AP: When this happened and I felt really consumed with the power of one person’s evil choice, it was very difficult for me to see that light. I remember not wanting to see it in the beginning because I just felt so consumed and hopeless. And one of the things that really stood out to me, and I wrote about this in the book, is when I came to Utah for the funeral, and I saw these thousands and thousands of ribbons that were tied in honor of Emilie — the pink ribbons that were all over. I looked at every single one of them and I pictured the hands that tied it as we drove down the road to our family’s home. I thought about God’s love and how powerful and widespread it truly is. And then I thought about all the thousands of letters that people sent and I thought about all the acts of kindness that I was hearing about. All of those things showed me that I was the witness to a miracle, that I was given an opportunity to see how big God’s love is.
I don’t think people often get the opportunity to see God's work, because his work is quiet. That was a beautiful thing to be able to not just hear about it but to be part of his work — to see how magnificent it truly is.
DN: Has that changed how you approach other people’s sorrows?
AP: Yeah. I am a lot more empathetic and I’ve walked away realizing that I have been given a gift of being able to recognize other people’s sorrow. And though I can’t really completely understand them, I can empathize with them on a level I never did before and that has been a very valuable tool for not just me as a person, but for me as a mom, so that I can teach my kids to be better people, to be more thoughtful and to see things from a different perspective.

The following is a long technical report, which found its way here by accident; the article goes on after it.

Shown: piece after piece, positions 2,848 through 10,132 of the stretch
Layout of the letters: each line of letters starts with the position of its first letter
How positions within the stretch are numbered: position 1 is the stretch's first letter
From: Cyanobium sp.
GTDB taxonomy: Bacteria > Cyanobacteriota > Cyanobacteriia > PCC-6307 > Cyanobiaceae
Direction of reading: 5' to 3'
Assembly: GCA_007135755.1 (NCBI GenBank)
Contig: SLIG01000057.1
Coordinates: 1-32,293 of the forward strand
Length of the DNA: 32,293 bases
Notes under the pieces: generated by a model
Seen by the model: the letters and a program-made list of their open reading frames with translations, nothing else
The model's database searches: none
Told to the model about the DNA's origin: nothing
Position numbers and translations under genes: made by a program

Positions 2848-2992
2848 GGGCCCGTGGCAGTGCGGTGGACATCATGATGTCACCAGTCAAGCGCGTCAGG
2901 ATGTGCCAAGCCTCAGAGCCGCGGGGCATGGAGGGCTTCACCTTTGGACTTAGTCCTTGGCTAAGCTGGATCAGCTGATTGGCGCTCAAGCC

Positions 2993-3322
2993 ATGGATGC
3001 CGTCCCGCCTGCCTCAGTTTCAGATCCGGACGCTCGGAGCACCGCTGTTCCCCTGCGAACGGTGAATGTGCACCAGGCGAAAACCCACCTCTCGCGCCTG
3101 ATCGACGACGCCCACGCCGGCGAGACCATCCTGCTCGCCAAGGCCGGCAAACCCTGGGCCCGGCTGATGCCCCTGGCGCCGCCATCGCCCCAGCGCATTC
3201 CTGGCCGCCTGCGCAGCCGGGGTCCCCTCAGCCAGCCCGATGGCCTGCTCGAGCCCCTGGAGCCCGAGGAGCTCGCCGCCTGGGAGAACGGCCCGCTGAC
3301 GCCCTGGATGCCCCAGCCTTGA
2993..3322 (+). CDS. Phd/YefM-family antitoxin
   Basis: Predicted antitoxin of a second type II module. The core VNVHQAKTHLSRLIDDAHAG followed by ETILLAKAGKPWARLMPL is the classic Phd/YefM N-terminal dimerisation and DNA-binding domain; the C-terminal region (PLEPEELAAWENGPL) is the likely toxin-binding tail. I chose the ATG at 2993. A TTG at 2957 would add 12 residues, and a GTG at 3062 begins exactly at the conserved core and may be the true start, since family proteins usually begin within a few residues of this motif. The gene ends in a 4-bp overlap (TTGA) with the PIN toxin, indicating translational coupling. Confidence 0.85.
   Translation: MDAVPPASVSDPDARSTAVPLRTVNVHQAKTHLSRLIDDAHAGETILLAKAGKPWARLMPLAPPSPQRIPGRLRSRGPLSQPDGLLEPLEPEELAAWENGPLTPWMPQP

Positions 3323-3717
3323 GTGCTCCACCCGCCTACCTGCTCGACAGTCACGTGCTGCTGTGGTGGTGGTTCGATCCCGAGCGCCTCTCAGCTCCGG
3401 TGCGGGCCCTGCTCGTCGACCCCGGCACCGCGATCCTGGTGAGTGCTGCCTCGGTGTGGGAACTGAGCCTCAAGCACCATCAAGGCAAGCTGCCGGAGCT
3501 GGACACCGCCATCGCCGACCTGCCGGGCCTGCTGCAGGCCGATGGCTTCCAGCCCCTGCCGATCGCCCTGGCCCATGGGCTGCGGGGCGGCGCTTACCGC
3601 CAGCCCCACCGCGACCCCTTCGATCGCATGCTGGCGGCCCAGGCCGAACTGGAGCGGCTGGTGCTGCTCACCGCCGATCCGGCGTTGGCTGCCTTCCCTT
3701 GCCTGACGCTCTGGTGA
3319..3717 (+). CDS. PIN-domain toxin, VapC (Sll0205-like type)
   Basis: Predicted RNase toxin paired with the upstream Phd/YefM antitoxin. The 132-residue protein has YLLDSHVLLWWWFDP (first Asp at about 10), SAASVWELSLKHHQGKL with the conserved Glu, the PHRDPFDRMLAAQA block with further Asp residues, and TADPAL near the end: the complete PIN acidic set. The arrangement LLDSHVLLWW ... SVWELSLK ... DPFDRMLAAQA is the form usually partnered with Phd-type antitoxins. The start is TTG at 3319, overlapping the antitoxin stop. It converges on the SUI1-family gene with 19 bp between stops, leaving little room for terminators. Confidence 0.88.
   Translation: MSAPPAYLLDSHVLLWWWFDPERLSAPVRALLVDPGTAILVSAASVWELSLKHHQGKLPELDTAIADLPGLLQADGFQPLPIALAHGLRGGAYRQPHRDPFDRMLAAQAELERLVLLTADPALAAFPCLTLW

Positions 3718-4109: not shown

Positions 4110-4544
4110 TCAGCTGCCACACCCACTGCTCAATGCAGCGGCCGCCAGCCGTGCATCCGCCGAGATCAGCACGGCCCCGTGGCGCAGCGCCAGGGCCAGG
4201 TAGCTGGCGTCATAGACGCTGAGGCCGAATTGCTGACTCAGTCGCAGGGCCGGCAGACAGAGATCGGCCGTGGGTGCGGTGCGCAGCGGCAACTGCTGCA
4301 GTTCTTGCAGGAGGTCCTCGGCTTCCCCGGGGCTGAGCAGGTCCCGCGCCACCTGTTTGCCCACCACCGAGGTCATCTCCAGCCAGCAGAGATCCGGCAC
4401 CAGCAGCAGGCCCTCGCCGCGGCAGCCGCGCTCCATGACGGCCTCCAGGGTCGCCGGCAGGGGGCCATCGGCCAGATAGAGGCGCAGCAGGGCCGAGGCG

The Parker family received hundreds of letters in the days and months after the Newtown tragedy.
DN: You wrestled with forgiving. Can you share that?
AP: Forgiveness was much more of a process than a moment in my experience; that was not something I had anticipated prior to (Emilie's death). I had never had to forgive on such a level before.
I remember all the moments where I was challenged to look at (the gunman Adam Lanza) differently and let my guard down and soften my heart and immediately my heart would be filled with peace. And I remember wanting to resist that peace and not wanting to feel comfortable with it that I knew the pain that she had suffered in those final moments and I wanted to hold onto it. I felt like if I let that go, it was a disservice to what she had to go through and that, as her mom, I was supposed to feel that pain.
I wanted to hate him. I wanted to be angry. That was a really tough choice to finally learn to accept that was what I needed in my life — to let it go and to heal. It was strange how hard that was, to want something good. It sounds very foreign to someone else, but in the moment, that was a really hard choice to make.
Some days I am better at it than others. Some days I hold onto it a little bit, but it does get easier.
DN: What do you hope people remember about Emilie?
AP: I hope they remember her compassion and her love for the people around her. This experience has taught me that she continues to love those around her. That was something that was a talent of hers, a gift that she even at such a young age exemplified in our family. If they could remember anything about her story, what she taught our family, it would be to love those around you and have compassion for them.